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Atlantic Puffin (1 Viewer)

Richard Klim

Gaston & Provencher 2012. A Specimen of the High Arctic Subspecies of Atlantic Puffin, Fratercula arctica naumanni, in Canada. Canadian Field-Naturalist 126(1): 50–54. [abstract] [pdf]

[With thanks to Ron Pittaway for posting on NBHC ID-FRONTIERS.]

Fratercula arctica is usually treated as polytypic (eg, Harrison 1983, HBW, BNA Online, AERC TAC, H&M3, Zoonomen, IOC, Clements);
but is treated as monotypic by BOURC and Parkin & Knox 2010.


Will Jones
Oliver Kersten, Bastiaan Star, Deborah M. Leigh, Tycho Anker-Nilssen, Hallvard Strøm, Jóhannis Danielsen, Sébastien Descamps, Kjell E. Erikstad, Michelle G. Fitzsimmons, Jérôme Fort, Erpur S. Hansen, Mike P. Harris, Martin Irestedt, Oddmund Kleven, Mark L. Mallory, Kjetill S. Jakobsen, Sanne Boessenkool 2020. Complex population structure of the Atlantic puffin revealed by whole genome analyses. BioRxiv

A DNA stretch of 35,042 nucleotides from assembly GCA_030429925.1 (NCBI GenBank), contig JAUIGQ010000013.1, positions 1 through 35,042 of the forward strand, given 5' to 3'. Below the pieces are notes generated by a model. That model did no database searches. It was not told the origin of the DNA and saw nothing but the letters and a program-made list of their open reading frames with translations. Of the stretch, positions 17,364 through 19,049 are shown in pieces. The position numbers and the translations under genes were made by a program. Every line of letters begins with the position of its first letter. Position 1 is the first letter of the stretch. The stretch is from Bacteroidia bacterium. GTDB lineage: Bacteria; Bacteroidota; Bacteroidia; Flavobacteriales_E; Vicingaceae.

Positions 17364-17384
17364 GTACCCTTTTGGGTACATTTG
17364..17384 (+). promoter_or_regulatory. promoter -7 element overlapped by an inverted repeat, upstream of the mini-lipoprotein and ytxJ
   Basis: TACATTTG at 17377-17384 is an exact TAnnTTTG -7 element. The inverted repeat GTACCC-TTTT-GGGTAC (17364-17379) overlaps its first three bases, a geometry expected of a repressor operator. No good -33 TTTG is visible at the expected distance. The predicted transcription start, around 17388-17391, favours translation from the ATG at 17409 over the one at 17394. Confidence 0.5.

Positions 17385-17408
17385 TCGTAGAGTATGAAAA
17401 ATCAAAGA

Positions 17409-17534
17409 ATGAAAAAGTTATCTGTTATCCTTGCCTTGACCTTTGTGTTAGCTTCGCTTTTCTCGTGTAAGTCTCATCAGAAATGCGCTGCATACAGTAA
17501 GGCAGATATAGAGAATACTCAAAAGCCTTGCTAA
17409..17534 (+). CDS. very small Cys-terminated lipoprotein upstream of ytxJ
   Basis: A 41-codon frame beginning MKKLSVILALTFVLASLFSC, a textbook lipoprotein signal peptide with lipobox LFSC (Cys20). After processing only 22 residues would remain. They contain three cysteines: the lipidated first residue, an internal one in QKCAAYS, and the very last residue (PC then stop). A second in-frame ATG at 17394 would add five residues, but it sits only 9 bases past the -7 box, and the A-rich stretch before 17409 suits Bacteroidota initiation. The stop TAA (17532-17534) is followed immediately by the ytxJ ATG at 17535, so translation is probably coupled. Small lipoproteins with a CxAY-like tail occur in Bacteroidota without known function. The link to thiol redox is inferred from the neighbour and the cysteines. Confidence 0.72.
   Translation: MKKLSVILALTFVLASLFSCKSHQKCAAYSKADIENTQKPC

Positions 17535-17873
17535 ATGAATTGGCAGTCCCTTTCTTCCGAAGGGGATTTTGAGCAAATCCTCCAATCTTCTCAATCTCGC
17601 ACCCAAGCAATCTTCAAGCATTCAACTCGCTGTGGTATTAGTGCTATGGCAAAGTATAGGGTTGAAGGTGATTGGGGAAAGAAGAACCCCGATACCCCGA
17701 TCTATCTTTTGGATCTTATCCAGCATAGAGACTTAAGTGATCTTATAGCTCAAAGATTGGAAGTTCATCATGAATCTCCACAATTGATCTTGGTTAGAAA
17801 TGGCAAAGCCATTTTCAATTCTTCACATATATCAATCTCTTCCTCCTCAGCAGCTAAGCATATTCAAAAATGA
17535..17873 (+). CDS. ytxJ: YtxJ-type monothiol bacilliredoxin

doi: https://doi.org/10.1101/2020.11.05.351874

The factors underlying gene flow and genomic population structure in vagile seabirds are notoriously difficult to understand due to their complex ecology with diverse dispersal barriers and extensive periods at sea. Yet, such understanding is vital for conservation management of seabirds that are globally declining at alarming rates. Here, we elucidate the population structure of the Atlantic puffin (Fratercula arctica) by assembling its reference genome and analyzing genome-wide resequencing data of 72 individuals from 12 colonies. We identify four large, genetically distinct clusters, observe isolation-by-distance between colonies within these clusters, and obtain evidence for a secondary contact zone. These observations disagree with the current taxonomy, and show that a complex set of contemporary biotic factors impede gene flow over different spatial scales. Our results highlight the power of whole genome data to reveal unexpected population structure in vagile marine seabirds and its value for seabird taxonomy, evolution and conservation.

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